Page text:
Gender Identity Project - Final Report

More than 25 Writers Participated in ASJA’s National Reporting Project about LBGTQ Youth

By Sherry Beck Paprocki,
ASJA Immediate Past President

The American Society of Journalists and Authors has provided grants and awards to more than 25 professional and youth writers who have addressed the topic of Gender Identity and Mental Health, thanks to a $35,000 grant received from the National Institute of Health Care Management in 2018. Through various publications, writers have communicated with a wide audience that reaches millions of readers across the country. This conversation has opened up an important conversation among the general public about LBGTQ youth, a topic that is so often ignored. The ASJA grant project was completed this spring and is now closed.

“On my 22nd birthday, I gave myself a gift: gender therapy. At the office of a nearly 40-year-old therapist in downtown Manhattan, I slouched into a couch cushion as I revealed for the first time that I'm transgender," wrote Tatyana Bellamy-Walker in Hello Giggles, an online publication by Instyle magazine.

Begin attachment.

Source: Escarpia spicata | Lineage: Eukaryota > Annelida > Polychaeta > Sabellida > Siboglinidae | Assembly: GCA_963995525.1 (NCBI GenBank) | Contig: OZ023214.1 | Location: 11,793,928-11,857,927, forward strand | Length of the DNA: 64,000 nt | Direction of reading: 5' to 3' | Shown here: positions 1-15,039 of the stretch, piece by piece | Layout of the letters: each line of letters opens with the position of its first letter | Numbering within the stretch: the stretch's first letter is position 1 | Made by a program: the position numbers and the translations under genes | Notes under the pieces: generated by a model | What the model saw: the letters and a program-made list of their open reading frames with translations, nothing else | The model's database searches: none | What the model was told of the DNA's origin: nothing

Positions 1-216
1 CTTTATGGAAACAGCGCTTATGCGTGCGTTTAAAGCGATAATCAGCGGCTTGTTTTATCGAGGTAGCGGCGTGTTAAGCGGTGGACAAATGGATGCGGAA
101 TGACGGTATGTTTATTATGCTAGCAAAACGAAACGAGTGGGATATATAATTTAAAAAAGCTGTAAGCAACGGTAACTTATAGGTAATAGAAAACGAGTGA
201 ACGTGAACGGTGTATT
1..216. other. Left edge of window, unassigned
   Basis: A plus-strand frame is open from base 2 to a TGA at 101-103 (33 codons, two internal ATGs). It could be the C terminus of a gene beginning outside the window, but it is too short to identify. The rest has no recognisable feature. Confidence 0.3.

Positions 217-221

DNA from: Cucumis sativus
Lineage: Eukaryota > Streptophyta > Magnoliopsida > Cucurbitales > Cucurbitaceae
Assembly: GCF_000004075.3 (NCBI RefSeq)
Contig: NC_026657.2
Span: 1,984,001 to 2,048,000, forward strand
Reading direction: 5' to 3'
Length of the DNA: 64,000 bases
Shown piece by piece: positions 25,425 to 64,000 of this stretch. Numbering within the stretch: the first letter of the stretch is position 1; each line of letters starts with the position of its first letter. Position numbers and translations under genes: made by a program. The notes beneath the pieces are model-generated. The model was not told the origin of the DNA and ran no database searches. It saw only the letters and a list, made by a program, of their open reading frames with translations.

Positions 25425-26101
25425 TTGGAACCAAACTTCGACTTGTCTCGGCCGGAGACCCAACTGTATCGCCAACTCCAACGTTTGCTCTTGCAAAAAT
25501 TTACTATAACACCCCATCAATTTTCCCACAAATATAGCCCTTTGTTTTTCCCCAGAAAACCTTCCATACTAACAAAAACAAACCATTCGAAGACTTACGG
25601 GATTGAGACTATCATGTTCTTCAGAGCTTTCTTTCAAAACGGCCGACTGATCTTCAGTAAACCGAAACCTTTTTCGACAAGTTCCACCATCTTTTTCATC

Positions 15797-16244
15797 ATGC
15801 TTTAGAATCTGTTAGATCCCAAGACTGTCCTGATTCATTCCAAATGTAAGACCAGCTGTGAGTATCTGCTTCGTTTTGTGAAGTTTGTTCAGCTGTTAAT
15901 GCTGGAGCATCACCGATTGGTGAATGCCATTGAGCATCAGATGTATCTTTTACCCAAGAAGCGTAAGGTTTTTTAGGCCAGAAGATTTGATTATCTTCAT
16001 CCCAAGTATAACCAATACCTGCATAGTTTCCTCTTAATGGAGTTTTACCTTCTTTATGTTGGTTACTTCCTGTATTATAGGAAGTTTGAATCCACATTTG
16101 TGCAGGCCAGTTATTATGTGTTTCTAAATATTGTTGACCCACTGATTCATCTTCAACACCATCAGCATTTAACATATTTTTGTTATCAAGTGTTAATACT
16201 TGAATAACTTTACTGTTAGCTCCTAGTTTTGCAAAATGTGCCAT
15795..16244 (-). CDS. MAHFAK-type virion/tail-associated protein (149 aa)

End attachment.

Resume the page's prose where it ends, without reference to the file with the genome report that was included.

“Over the last two years since then, I’ve been to a series of therapists,” Bellamy-Walker continued. “Many aren’t sure how to handle a patient like me.”

“All but one therapist either misdiagnosed or questioned the validity of my gender identity. I’m Afro-Latinx, pansexual, and my gender identity is somewhere outside of the male/female binary,” he added. 

Bellamy-Walker is one of 11 award winners in ASJA’s youth essay competition for young LBGTQ stories. His complete essay and others can be found here:

ASJA’s grant program also provided the opportunity for professional writers to explore the topic of Gender Identity and Mental Health in publications across the country. The following is a synopsis of this portfolio of work:

Danielle Corcione reported in Teen Vogue than LGBTQ youth are at a higher risk for PTSD; thus, requiring mental health treatment to overcome the anxiety and other obstacles associated with PTSD.

Writer Estelle Erasmus reported in Your Teen Magazine for Parents that 30 percent of LBGTQ Youth have attempted suicide and more than 60 percent suffer depression. In addition, LBGTQ youth are also at high risk for HIV and other such physical illnesses

The nonprofit, nonpartisan Pine Tree Watch in Maine, which provides articles to all Maine media, reported that school nurses are becoming more important to LBGTQ youth, who have high rates of depression, anxiety, substance abuse, suicide, self-harming behaviors and poor academic performance. Writer Stephanie Bouchard completed this report.